Are the British airlines run by incompetents or hypocrites? The AP reports on the air carriers’ “plan” for repatriating the many Brits still stranded on the Continent thanks to the shut-down of air traffic last week:
British Airways and Virgin Atlantic appealed for passengers booked on long-haul flights next week to consider giving up their seat to make way for travelers still stuck following flight disruptions.
There’s one simple way to induce people holding tickets to give them to people who’ve been stranded: Allow those tickets to be resold. Within minutes, ebay would be auctioning off hundreds or thousands of them, and everyone would be better off than they are now. If security concerns make this simple step inadvisable, the airlines themselves could simply offer to buy back outstanding tickets in order to resell them to people whose flights were cancelled out from under them.
Why do the airlines instead make vapid pleas for their customers to surrender valuable rights to strangers? I can think of two reasons, both venal. One possibility is that the airlines are avoiding the appearance of price gouging, since the buyback fare would be much higher than the price people originally paid for their tickets. Even though the plan would be revenue-neutral for the airlines, they might appear to be taking advantage of their customers. As for allowing individual customers to buy and sell existing tickets themselves, the airlines know that this practice undermines their ability to engage in price discrimination, and would cost them a great deal of revenue on new ticket sales during the period when resale was allowed.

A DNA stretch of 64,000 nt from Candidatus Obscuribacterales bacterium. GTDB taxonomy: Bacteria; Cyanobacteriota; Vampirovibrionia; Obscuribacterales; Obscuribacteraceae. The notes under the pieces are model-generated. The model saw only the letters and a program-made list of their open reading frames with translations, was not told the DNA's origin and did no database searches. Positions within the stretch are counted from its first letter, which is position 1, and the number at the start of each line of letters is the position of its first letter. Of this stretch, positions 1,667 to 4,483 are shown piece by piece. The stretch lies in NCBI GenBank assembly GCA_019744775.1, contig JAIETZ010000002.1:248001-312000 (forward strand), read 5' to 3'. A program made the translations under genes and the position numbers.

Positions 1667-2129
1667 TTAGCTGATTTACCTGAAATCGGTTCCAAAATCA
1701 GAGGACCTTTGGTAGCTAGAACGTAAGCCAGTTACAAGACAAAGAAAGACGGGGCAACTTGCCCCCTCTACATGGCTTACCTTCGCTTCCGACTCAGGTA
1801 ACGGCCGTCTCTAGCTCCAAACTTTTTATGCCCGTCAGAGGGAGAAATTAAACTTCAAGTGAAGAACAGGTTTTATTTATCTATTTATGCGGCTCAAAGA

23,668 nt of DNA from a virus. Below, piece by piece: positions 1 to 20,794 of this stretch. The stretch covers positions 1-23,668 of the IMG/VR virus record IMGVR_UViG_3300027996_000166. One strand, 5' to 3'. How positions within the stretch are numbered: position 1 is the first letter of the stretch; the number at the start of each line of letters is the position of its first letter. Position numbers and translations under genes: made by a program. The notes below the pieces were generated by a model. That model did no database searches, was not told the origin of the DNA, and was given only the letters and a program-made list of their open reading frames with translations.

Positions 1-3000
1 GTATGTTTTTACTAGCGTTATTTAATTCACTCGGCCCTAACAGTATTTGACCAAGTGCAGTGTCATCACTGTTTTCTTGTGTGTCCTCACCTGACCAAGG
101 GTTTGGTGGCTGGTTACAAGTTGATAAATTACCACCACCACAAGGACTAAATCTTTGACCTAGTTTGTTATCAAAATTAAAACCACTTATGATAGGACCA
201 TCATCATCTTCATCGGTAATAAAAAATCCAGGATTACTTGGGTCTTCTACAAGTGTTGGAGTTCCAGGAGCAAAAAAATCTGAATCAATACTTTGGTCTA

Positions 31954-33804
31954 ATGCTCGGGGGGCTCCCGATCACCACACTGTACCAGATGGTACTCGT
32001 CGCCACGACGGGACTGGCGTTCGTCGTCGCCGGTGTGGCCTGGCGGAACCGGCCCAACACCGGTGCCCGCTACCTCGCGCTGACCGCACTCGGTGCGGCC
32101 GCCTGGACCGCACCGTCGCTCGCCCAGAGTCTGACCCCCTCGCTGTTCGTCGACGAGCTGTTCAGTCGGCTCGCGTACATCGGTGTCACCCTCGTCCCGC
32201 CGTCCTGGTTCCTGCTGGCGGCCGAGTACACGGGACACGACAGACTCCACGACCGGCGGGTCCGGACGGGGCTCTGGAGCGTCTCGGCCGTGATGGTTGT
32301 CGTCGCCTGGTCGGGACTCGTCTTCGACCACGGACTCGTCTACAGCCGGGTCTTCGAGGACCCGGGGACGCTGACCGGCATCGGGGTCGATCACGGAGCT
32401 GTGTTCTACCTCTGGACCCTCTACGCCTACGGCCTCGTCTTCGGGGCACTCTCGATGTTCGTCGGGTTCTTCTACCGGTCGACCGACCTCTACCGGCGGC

The alternate explanation is unpleasant to contemplate, and that is that several major airlines are run by people who are too shortsighted to figure out how they could actually help their stranded customers.